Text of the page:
Financial Stress Emerges As Significant Risk Factor for Suicide

Suicide has been researched at length in recent decades. With the current economic downturn, suicide rates have increased. Understanding what factors make someone more vulnerable to suicide is imperative in order to prevent this rate from rising even further. Previous research has shown that the existence of a mental health problem increases the risk for suicide. Posttraumatic stress, depression, and eating and food issues can put someone at increased risk for suicide.

Stressful live events (SLEs) also directly impact the rate of suicide. Individuals who experience significant losses to their financial, emotional, or physical health or are subjected to violence or abuse may also be predisposed to suicide. A family history of suicide is another risk factor that is often reported in research. However, until now, no study has looked at how SLEs impact the risk for suicide independent of mental health status. Understanding if the general population is equally as vulnerable to suicide as those who struggle with psychological problems could expand existing intervention efforts to include more individuals at risk. That was the goal of a recent study led by Yungqiao Wang of the Department of Psychology at the University of Manitoba in Canada. Wang collected data from the National Epidemiologic Survey on Alcohol and Related Conditions and controlled for mental health conditions in order to determine how SLEs impacted suicide rates.

Wang examined the frequency and types of SLEs that occurred in over 34,000 individuals in the 12 months prior to the assessments and found that financial stressors had the largest impact on attempted suicides, followed closely by violent assault. Specifically, financial problems led to more suicide attempts than nearly all of the psychological conditions, except depression. Violent assault also increased the risk for suicide above most other mental health problems. Wang also discovered that the participants risk for suicide increased with the number of SLEs. In particular, those participants who had more than three SLEs in the prior year were the most likely to attempt suicide, regardless of mental health status. Wang believes the implications of this novel study are significant. He added, “Family members and health care providers should be aware of these findings to ensure that recent occurrences of these kinds of SLEs prompt appropriate assessment and intervention for suicidal behaviors.”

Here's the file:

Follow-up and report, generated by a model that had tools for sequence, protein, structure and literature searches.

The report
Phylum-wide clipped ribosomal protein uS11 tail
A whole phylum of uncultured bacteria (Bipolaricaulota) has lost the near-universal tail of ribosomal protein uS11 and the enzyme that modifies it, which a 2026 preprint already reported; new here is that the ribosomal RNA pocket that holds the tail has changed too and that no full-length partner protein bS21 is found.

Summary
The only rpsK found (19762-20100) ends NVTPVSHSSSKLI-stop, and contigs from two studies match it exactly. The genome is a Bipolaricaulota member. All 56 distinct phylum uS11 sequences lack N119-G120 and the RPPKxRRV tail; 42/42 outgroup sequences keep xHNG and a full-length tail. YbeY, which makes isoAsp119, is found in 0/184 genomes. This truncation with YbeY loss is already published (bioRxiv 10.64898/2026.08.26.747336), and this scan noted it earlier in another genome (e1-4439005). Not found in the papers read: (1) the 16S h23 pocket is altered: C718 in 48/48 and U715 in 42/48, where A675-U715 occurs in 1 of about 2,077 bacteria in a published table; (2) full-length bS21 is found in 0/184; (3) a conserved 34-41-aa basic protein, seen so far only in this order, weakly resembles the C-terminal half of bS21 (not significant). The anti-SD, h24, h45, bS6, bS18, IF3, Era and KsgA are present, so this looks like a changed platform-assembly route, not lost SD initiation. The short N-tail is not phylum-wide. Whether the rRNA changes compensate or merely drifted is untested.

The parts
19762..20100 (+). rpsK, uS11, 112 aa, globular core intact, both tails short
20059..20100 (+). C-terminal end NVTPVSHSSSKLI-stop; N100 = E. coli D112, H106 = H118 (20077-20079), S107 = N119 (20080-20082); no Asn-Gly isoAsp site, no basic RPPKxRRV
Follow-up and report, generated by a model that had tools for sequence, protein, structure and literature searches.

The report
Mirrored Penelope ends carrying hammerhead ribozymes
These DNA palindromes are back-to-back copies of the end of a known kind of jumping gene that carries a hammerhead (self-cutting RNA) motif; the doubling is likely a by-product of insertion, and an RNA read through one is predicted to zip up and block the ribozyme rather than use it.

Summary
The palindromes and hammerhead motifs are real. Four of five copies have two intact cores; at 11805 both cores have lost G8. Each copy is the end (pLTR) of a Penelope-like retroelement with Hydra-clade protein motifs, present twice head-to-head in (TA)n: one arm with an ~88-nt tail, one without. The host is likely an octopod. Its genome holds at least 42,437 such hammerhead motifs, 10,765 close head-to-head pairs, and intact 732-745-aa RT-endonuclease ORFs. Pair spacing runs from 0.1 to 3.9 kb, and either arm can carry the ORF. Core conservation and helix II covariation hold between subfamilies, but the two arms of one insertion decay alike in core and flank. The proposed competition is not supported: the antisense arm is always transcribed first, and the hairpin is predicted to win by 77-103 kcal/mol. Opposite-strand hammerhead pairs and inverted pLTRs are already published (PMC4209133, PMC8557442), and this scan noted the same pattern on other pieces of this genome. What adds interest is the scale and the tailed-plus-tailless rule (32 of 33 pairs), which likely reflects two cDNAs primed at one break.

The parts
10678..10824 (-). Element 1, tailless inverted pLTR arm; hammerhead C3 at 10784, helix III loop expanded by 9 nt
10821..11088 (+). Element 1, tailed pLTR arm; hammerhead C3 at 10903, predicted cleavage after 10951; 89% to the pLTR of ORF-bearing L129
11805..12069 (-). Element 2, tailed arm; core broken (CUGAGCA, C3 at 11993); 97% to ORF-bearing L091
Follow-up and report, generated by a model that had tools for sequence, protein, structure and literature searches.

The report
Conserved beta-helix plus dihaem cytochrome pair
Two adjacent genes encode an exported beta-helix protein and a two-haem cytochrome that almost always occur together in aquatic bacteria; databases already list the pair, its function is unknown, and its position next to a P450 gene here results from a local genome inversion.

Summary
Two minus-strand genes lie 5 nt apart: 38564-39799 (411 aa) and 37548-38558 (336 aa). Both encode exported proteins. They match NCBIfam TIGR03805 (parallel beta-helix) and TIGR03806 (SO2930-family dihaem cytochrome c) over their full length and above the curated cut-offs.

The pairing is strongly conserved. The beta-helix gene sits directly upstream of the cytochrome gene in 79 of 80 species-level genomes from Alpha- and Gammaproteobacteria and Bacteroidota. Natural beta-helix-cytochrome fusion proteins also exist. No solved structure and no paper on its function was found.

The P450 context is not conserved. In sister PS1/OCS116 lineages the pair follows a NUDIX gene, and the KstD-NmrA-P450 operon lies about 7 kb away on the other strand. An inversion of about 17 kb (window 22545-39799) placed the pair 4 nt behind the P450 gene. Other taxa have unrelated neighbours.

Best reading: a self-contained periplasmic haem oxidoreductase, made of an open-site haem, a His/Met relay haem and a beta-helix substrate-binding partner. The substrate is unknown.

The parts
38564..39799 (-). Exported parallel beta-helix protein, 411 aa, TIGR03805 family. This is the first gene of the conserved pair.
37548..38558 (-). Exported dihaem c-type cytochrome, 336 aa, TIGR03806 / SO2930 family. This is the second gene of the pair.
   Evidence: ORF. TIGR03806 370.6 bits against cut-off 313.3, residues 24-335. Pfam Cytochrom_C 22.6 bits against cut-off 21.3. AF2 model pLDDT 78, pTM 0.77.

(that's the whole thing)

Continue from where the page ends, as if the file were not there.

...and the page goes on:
Wang, Y., Sareen, J., Afifi, T. O., Bolton, S. L., Johnson., E. A. (2012). Recent stressful life events and suicide attempt. Psychiatric Annals, 42.3, 101-108.

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  • steve h

    May 4th, 2012 at 4:18 AM

    At one point almost a year ago I was experiencing an unfortunate turn of finances in my own life as I was unemployed for two years. That was so hard on me and my family, as I was used to being the main breadwinner and during that tiime my wife really felt like she had to pick up the slack because she had a job. It out a kink into our own relationship and I felt helpless to do anything and pretty much worthless. There was even a severe dark time when I thought that I should put them all out of misery and end my life. Luckily that Is not the choice that I made but I was very close. You just don’t know how this will imoact you until you have to live through it and it is an understatement to say that it was a horrible time.

  • Glenn Starnes

    May 4th, 2012 at 11:22 AM

    Nobody expects this kind of upheaval in life, especially when you are middle age and think you have it made.

    The scary part of all of this is that a lot of us have found ourselves in exactly this same situation after the economy took a dive in 08 and 09, and many of us still have not recovered.

    I do at least hope that this has been a wakeup call, that far too many of us are living paycheck to paycheck, and that for most of us all it would take is one little unexpected event and we could be on the verge of losing everything.

    Having been through this myself I can very easily see how you might think about suicide being an option.

  • Jillian

    May 4th, 2012 at 2:43 PM

    An SLE is just that, a SIGNIFICANT LIFE EVENT. How could you not think that this would cause stress and anxiety, and perhaps even increase the odds that one would at least consider suicide as a way out?

    If someone that you know is going through this it is crucial that you keep in touch with them and be there when they need you. Look for any big changes in behavior, and if you see something that doesn’t look right then you need to speak up.

  • Ryan

    May 5th, 2012 at 4:47 AM

    if it gets to the point when someone is contemplating suicide, then money won’t fix the problem